Hawaii evac­uees leave homes as fresh lava flow cuts off roads on Big Is­land

China Daily (Latin America Weekly) - - World -

PA­HOA, Hawaii — Na­tional Guard troops, po­lice and fire­fight­ers ush­ered the last group of evac­uees from homes on the eastern tip of Hawaii’s Big Is­land early on Satur­day, hours be­fore lava from the Ki­lauea vol­cano cut off road ac­cess to the area, of­fi­cials said.

A stream of lava as wide as three foot­ball fields flowed over a high­way near a junc­tion at Kapoho, a sea­side com­mu­nity of re­built af­ter a de­struc­tive erup­tion of Ki­lauea in 1960.

The lava flow left Kapoho and the ad­ja­cent devel­op­ment of Va­ca­tion­land cut off from the rest of the is­land by road, ac­cord­ing to the Hawaii County Civil De­fense agency.

Also, lava de­stroyed a fresh­wa­ter lake, boil­ing away all of the wa­ter in it, the Hawai­ian Vol­cano Ob­ser­va­tory re­ported late on Satur­day.

“Lava en­tered Green Lake within Kapoho Crater, pro­duc­ing a large steam plume ... A Hawai­ian County Fire De­part­ment over­flight re­ported that the lava filled the lake and ap­par­ently evap­o­rated all the wa­ter,” the re­port said.

Au­thor­i­ties since Wed­nes­day had been urg­ing res­i­dents of the area to leave be­fore lava spew­ing from a vol­canic fis­sure at the eastern foot of Ki­lauea reached the area.

The fi­nal phase of the evac­u­a­tion was car­ried out late on Fri­day and early Satur­day by fire and po­lice de­part­ment per­son­nel, with help from the Hawaii Na­tional Guard and public works teams, county civil de­fense spokes­woman Janet Sny­der told Reuters by email.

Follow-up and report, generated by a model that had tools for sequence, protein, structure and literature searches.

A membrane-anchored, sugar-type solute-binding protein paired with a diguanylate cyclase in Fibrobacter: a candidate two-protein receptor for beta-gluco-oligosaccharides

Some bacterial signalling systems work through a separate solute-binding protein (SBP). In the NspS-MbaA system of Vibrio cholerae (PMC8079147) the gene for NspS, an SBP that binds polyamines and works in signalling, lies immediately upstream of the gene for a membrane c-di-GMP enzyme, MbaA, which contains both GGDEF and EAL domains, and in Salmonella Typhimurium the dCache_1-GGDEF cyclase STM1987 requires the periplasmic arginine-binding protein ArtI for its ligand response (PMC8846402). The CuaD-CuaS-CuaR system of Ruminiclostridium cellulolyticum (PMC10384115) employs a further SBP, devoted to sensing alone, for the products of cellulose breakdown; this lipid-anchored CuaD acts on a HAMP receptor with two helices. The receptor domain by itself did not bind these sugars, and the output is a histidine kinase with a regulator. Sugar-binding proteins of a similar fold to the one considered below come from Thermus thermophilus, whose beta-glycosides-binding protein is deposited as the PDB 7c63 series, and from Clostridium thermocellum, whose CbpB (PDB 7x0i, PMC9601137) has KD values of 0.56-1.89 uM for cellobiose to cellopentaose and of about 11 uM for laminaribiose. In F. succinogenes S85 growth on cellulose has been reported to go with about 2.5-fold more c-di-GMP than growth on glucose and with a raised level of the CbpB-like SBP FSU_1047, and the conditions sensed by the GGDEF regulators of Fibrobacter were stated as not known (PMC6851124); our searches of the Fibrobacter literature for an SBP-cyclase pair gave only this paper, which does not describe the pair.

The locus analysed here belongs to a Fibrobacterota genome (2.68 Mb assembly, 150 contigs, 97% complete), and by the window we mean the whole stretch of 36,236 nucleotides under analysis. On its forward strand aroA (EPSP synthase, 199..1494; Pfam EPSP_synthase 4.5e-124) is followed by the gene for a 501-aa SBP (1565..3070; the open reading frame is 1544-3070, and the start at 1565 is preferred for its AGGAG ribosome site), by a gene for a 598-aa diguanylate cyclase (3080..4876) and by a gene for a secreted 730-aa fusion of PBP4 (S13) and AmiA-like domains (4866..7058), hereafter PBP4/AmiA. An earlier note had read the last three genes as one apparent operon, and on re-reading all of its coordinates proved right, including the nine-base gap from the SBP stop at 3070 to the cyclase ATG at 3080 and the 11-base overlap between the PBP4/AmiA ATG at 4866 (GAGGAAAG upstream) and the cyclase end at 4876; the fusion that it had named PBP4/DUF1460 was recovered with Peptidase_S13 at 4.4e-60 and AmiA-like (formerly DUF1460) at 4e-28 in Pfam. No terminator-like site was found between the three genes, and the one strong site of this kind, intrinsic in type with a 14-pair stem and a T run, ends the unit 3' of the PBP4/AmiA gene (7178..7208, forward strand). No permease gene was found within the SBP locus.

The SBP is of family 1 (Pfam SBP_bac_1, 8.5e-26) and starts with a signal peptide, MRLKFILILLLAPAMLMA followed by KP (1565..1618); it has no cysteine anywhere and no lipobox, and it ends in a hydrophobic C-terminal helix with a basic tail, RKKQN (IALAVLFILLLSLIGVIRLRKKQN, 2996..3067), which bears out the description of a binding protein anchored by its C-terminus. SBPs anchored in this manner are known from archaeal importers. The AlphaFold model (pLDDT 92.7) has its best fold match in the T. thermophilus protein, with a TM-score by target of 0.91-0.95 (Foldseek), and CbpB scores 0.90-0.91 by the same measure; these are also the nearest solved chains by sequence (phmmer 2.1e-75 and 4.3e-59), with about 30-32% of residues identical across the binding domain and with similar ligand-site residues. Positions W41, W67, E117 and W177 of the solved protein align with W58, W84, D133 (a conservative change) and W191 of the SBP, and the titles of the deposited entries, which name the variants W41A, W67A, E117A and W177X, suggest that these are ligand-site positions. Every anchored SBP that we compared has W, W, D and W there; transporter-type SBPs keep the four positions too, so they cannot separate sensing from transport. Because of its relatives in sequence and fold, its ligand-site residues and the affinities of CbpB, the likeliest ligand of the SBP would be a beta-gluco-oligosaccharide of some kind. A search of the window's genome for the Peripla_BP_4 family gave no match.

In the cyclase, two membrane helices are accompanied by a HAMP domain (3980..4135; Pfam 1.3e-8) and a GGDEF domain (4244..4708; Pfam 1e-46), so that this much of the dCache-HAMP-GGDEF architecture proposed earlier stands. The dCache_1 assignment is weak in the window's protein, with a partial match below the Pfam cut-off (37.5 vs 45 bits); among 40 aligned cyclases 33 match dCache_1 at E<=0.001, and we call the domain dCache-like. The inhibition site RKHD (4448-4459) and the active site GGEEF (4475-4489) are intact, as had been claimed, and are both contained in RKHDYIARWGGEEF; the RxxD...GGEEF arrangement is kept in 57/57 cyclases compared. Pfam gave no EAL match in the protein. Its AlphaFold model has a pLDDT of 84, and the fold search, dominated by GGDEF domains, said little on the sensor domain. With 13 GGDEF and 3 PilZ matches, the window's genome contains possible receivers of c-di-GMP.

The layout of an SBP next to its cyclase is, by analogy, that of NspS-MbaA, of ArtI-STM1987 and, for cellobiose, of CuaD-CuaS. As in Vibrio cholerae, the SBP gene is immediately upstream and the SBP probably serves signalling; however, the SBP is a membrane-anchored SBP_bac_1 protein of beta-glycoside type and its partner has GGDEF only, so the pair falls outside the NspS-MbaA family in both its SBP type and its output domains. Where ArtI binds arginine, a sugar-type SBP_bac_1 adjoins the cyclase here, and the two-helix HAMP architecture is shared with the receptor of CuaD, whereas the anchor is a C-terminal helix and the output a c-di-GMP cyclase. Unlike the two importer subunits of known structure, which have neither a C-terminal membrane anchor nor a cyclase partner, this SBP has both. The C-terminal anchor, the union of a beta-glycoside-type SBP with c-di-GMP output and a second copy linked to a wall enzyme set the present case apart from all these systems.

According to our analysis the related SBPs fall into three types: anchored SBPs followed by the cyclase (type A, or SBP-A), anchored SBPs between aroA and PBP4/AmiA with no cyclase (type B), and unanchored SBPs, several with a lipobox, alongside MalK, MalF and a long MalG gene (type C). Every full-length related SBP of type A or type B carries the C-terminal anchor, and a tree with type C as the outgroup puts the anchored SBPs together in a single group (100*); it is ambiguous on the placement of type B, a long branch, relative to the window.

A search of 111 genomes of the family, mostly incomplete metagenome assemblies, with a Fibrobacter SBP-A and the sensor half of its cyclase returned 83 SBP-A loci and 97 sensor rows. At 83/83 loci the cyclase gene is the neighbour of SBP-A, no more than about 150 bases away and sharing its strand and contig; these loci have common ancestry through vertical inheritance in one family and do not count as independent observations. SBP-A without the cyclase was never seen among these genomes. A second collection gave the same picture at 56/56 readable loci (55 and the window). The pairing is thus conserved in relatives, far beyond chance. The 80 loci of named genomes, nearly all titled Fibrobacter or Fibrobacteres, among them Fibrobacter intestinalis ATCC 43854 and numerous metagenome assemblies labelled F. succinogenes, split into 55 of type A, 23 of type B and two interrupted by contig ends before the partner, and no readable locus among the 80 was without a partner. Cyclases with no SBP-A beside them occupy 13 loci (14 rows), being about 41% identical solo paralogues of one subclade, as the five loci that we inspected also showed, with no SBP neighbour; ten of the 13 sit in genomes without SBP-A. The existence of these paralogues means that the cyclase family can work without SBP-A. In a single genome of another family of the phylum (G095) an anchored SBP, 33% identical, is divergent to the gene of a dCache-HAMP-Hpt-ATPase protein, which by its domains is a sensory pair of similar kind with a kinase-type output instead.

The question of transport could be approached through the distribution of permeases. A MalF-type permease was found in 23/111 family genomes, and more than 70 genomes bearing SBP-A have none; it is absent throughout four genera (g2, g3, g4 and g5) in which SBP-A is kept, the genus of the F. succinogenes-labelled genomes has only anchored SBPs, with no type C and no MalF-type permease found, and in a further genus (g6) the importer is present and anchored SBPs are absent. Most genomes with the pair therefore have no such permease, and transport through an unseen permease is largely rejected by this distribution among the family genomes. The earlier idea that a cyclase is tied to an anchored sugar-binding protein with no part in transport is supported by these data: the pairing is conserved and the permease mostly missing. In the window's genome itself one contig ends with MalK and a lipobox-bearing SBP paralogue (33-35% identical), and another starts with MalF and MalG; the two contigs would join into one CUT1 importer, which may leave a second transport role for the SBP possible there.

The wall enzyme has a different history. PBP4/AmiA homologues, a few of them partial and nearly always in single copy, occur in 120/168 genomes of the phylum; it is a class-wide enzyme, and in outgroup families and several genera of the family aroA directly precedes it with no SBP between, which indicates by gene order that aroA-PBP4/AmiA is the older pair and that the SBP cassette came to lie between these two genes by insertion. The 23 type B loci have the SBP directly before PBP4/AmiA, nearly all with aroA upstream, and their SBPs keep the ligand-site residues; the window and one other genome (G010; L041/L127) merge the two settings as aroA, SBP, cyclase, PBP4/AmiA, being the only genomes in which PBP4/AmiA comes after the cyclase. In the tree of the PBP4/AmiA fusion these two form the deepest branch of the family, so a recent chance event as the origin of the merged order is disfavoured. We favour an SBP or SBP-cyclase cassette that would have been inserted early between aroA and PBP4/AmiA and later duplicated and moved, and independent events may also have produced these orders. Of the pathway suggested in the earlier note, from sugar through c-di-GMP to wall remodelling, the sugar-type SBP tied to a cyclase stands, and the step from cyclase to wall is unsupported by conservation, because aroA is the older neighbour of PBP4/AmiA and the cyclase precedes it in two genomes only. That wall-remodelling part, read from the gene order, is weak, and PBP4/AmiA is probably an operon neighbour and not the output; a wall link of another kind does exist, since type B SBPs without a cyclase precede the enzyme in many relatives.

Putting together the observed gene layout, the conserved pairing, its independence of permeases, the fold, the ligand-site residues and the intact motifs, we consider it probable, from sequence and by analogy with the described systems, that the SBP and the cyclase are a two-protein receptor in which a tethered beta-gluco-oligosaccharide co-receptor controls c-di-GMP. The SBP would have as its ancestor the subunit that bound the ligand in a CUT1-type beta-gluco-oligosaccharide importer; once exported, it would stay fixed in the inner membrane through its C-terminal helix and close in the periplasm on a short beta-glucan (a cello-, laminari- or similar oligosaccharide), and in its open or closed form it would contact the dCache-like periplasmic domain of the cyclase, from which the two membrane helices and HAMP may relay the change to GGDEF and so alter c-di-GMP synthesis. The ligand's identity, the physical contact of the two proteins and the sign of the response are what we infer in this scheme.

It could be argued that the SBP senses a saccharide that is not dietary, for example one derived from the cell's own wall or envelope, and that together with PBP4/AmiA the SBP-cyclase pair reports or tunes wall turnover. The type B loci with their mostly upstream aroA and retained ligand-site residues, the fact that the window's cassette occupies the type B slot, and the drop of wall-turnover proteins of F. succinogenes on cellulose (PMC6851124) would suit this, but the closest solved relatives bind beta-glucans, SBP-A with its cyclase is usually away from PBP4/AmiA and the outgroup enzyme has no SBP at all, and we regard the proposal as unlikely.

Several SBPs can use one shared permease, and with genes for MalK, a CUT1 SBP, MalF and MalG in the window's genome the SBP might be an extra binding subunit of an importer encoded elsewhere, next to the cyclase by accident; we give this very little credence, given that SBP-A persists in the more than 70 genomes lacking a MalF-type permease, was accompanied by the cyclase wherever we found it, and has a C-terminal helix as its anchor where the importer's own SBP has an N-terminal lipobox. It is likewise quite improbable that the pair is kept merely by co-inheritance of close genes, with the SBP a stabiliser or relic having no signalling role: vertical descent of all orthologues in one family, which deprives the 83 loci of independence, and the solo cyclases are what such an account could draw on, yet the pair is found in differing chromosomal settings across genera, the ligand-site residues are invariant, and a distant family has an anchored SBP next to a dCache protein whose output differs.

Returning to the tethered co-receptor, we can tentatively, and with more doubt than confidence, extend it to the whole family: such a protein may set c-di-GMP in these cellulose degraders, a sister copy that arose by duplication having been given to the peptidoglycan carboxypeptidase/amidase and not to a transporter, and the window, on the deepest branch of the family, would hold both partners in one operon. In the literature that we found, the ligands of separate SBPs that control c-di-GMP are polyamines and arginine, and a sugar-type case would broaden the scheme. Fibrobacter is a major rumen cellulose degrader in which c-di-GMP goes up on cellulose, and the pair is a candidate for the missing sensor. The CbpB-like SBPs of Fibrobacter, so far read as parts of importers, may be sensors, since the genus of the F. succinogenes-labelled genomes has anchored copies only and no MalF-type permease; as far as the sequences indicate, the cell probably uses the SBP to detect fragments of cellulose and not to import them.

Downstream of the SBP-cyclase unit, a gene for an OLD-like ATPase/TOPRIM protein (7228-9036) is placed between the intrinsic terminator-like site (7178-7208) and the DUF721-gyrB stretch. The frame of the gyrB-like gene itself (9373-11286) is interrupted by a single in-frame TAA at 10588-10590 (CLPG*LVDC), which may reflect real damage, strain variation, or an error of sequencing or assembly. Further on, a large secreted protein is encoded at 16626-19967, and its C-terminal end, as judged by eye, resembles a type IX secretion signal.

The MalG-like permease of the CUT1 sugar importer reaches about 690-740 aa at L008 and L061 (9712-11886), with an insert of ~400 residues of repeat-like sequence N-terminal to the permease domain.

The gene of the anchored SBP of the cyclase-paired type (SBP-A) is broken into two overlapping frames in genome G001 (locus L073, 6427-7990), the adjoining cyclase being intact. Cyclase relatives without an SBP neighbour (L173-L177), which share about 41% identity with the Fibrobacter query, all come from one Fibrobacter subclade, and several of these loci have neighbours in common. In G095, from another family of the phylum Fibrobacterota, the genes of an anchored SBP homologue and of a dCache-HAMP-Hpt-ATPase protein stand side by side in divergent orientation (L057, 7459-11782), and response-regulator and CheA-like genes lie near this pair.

An es­ti­mated 500 peo­ple live in the Kapoho area, but Sny­der said it was not im­me­di­ately clear how many res­i­dents, if any, chose to stay be­hind.

An­other 2,000 peo­ple have al­ready been evac­u­ated from Leilani Es­tates, an area fur­ther west where dozens of homes have been de­voured or cut off by rivers of lava stream­ing over the land­scape since May 3.

Toxic sul­fur diox­ide gas emis­sions have cre­ated an ad­di­tional haz­ard. So too have air­borne vol­canic glass fibers, called “Pele’s hair”, wispy strands pro­duced by lava foun­tains and car­ried aloft by the wind.

The cur­rent ac­tiv­ity has been ac­com­pa­nied for weeks by daily ex­plo­sions of gas and vol­canic rock from Ki­lauea’s sum­mit crater as well as earth­quakes.

But the sum­mit has qui­eted down over the past few days, as tons of rub­ble shaken loose from the in­te­rior walls of the crater have fallen into the void and plugged up the bot­tom of the vent.

Sci­en­tists are un­sure whether the block­age will even­tu­ally end erup­tions at the sum­mit or lead to a buildup of pres­sure that could cause a much big­ger explosion.

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